GUTENBERG FYI

Summer Institute 2019

2019 Summer Institute

 

Register Here

We’ve all witnessed how incivility and disparagement are increasingly dominant in public discourse. Whether it be news, social media, or personal conversations, the rhetoric is ratcheting up. This summer Gutenberg would like to explore why this is happening and how a Christian might respond. We will not try to convince you of a particular political viewpoint or offer the definitive solution. Instead, together we will dig under the surface to gain a fresh understanding of the social and philosophical forces at play so that we can answer this question for ourselves: Where do our loyalties lie, with tribe or truth?

Summer Institute is an enjoyable and informative time to experience Gutenberg by sharing meals, discussing the works of influential thinkers, and listening to speakers from the Gutenberg community. Come join us!

 

Art Show
Annette YugaIn conjunction with Gutenberg’s Summer Institute, the Puccinelli Gallery will display the art of Annette Julian Yuga, an artist from Florence, Oregon. Summer Institute participants are invited to an opening-night reception on Thursday August 1 at 5:30 p.m. in the Puccinelli Art Gallery at Gutenberg College.

 

Institute Details

When
Thursday night, August 1, 5:30 to 9:00 p.m.
Friday night, August 2, 4:45 to 9:00 p.m.
Saturday, August 3, 8:30 a.m. to 3:30 p.m.

Where
Gutenberg College
1883 University Street
Eugene, OR 97403

Cost*
(includes dinner on Friday night; continental breakfast on Saturday morning; and lunch on Saturday):
Before July 1: $85 (Individual); $115 (Family); $40 (Student)
July 1 and after: $100 (Individual); $130 (Family); $45 (Student)

* Financial Aid: Limited financial aid packages are available for those who wish to attend. If you wish to apply, please contact the office.

Volunteer opportunities: We can also offer reduced costs for volunteers. If you would like to volunteer, please contact the office.

 

Stream the lectures live: $15

  • Only lectures will be streamed. Discussions will not be streamed.
  • A PDF of the reading material will be provided to streamers to read.
  • A recording of each of the lecture videos will be available online for a month after the end of the conference.

Register To Stream

 

Lodging
Limited lodging at Gutenberg College is available. Cost for lodging is $30 per night for a single room and $45 per night for a double room. Please email the Gutenberg office if you are interested in staying at Gutenberg. Space is very limited.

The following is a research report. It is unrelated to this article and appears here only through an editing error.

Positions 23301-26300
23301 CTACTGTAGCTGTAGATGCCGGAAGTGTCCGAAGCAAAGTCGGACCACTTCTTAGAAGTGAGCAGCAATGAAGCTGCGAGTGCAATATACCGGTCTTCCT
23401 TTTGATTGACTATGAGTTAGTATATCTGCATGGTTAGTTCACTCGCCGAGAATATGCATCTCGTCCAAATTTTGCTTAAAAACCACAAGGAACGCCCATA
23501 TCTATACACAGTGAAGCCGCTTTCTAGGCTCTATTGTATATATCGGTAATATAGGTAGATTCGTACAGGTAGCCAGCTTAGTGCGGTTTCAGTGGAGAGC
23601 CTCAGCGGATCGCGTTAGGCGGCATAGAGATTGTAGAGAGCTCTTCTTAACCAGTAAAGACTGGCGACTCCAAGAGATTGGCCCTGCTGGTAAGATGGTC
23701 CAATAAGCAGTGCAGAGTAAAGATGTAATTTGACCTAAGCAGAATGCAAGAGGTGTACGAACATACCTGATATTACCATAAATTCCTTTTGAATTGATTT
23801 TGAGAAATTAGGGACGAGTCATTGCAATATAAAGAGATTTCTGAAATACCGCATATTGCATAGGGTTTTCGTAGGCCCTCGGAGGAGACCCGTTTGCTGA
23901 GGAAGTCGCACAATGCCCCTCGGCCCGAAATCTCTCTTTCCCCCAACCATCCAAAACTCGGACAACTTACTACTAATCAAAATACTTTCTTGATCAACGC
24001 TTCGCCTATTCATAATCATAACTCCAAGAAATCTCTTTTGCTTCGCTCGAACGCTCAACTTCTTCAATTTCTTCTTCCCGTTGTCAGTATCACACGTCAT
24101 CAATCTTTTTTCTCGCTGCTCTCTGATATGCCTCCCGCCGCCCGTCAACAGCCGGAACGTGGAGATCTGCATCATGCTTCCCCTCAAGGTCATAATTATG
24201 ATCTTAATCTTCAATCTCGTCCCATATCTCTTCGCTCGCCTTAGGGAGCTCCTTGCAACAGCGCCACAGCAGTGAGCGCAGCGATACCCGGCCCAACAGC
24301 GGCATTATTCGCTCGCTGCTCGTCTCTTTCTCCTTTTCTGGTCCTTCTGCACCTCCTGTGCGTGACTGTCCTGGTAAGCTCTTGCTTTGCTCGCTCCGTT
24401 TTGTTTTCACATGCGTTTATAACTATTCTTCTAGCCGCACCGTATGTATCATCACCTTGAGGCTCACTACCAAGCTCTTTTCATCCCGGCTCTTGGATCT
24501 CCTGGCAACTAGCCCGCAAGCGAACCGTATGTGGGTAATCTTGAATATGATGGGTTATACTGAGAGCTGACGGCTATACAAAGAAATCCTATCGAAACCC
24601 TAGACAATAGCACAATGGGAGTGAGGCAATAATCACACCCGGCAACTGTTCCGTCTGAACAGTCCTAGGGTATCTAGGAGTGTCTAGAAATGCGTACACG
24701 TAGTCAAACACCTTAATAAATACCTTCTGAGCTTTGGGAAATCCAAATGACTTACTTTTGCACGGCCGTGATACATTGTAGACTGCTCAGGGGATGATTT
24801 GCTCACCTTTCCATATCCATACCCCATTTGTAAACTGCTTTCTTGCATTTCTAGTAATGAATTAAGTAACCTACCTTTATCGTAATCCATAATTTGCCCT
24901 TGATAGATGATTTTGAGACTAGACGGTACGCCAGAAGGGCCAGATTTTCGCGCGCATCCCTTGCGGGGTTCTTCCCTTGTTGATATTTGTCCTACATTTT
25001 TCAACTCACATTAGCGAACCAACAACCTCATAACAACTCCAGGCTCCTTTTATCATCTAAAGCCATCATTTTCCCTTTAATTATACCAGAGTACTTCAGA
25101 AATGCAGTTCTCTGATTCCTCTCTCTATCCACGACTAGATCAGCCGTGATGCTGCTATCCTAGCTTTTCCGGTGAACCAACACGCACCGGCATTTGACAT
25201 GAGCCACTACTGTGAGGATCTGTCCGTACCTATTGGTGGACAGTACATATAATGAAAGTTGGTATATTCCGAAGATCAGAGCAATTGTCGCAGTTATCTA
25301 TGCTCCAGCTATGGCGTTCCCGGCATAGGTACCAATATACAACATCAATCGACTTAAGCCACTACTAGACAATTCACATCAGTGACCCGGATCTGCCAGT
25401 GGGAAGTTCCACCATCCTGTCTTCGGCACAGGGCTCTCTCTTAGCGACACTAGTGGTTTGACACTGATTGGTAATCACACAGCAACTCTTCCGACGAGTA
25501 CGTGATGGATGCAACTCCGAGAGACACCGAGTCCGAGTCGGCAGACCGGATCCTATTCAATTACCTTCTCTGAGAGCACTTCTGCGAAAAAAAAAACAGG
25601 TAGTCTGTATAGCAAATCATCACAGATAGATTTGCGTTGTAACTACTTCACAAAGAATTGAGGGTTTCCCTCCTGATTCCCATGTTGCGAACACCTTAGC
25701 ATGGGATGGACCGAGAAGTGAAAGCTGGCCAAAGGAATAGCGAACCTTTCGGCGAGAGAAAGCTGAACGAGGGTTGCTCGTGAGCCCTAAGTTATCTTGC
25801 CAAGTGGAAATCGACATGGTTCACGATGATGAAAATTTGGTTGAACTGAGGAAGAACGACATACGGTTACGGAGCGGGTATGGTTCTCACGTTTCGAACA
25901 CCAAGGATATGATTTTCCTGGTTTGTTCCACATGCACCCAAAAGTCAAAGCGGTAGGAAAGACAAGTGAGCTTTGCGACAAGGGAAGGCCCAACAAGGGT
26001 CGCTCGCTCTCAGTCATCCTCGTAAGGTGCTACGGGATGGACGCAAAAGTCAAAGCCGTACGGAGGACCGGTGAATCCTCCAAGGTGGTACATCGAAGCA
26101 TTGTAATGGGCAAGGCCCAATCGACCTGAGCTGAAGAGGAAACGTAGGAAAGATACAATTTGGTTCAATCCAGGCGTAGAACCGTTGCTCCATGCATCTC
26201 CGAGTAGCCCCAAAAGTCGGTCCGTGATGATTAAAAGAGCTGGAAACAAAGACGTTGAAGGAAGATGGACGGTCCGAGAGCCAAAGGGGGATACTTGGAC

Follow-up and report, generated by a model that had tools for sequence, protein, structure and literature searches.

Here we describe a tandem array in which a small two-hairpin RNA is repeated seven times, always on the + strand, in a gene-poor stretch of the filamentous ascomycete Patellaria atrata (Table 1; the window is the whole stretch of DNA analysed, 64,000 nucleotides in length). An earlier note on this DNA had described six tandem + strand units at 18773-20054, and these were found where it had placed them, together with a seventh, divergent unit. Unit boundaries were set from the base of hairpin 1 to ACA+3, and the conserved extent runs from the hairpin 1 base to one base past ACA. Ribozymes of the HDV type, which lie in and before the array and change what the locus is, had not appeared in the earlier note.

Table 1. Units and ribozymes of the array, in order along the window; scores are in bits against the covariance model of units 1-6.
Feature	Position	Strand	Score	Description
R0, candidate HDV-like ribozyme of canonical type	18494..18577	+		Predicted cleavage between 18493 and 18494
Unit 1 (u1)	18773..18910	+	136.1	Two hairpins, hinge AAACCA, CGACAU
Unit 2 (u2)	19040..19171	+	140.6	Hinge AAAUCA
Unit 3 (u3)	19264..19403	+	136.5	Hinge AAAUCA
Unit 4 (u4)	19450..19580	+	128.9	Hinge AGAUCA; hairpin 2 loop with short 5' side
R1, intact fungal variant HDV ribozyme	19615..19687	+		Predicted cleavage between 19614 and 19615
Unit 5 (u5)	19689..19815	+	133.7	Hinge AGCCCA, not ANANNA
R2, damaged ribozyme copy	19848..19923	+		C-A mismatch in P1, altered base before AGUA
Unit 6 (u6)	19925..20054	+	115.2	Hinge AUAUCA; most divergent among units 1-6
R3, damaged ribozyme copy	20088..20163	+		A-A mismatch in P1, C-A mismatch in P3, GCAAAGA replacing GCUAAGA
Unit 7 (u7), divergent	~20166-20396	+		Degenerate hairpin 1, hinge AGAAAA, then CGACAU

Childcare
If you are interested in childcare, please email the Gutenberg office.

 

Register To Attend the Summer Institute

Or call the Gutenberg College office: 541-683-5141.
 

Schedule

Gutenberg College Summer Institutes are an opportunity to explore a topic while getting some of the “Gutenberg” experience. That is, we discuss readings from important works in our culture and also listen to talks related to the topic. A reading packet (PDF) will be emailed to participants. Speakers are listed below. (More details regarding readings and lectures will be available later.)

Thursday Night

5:30-6:15 p.m. Check In and Art Show Reception
(Hors d’oeuvres served at reception.)
6:15-6:30 p.m. Welcome
6:30-8:00 p.m. Discussion of Reading One
8:00-8:15 p.m. Break
8:15-9:00 p.m. Lecture 1: Charley Dewberry

Friday Night

4:45-5:30 p.m. Lecture 2: Larry Barber
5:30-6:30 p.m. Dinner
6:30-8:00 p.m. Discussion of Reading Two
8:00-8:15 p.m. Break
8:15-9:00 p.m. Lecture 3: Chris Swanson

Saturday

8:30-9:00 a.m. Continental Breakfast
9:00-10:30 a.m. Discussion of Reading Three
10:30-10:45 a.m. Break
10:45-11:30 a.m. Lecture 4: Eliot Grasso
11:30-12:30 p.m. Lunch
12:30-2:00 p.m. Discussion of Reading Four
2:00-2:15 p.m. Break
2:15-3:00 p.m. Lecture 5: Ron Julian
3:00-3:30 p.m. Q and A

 

Format: Discussions & Lectures

Gutenberg College Summer Institutes are an opportunity to explore a topic while getting some of the “Gutenberg” experience. That is, we discuss readings from important works in our culture and also listen to talks related to the topic. The presenters/discussion leaders are listed below. A reading packet (PDF) will be emailed to participants.

Thursday Night

6:30-8:00 p.m. Discussion of Reading One: Selection from Whose Justice, Which Rationality by Alasdair MacIntyre.

8:10-9:00 p.m. Lecture One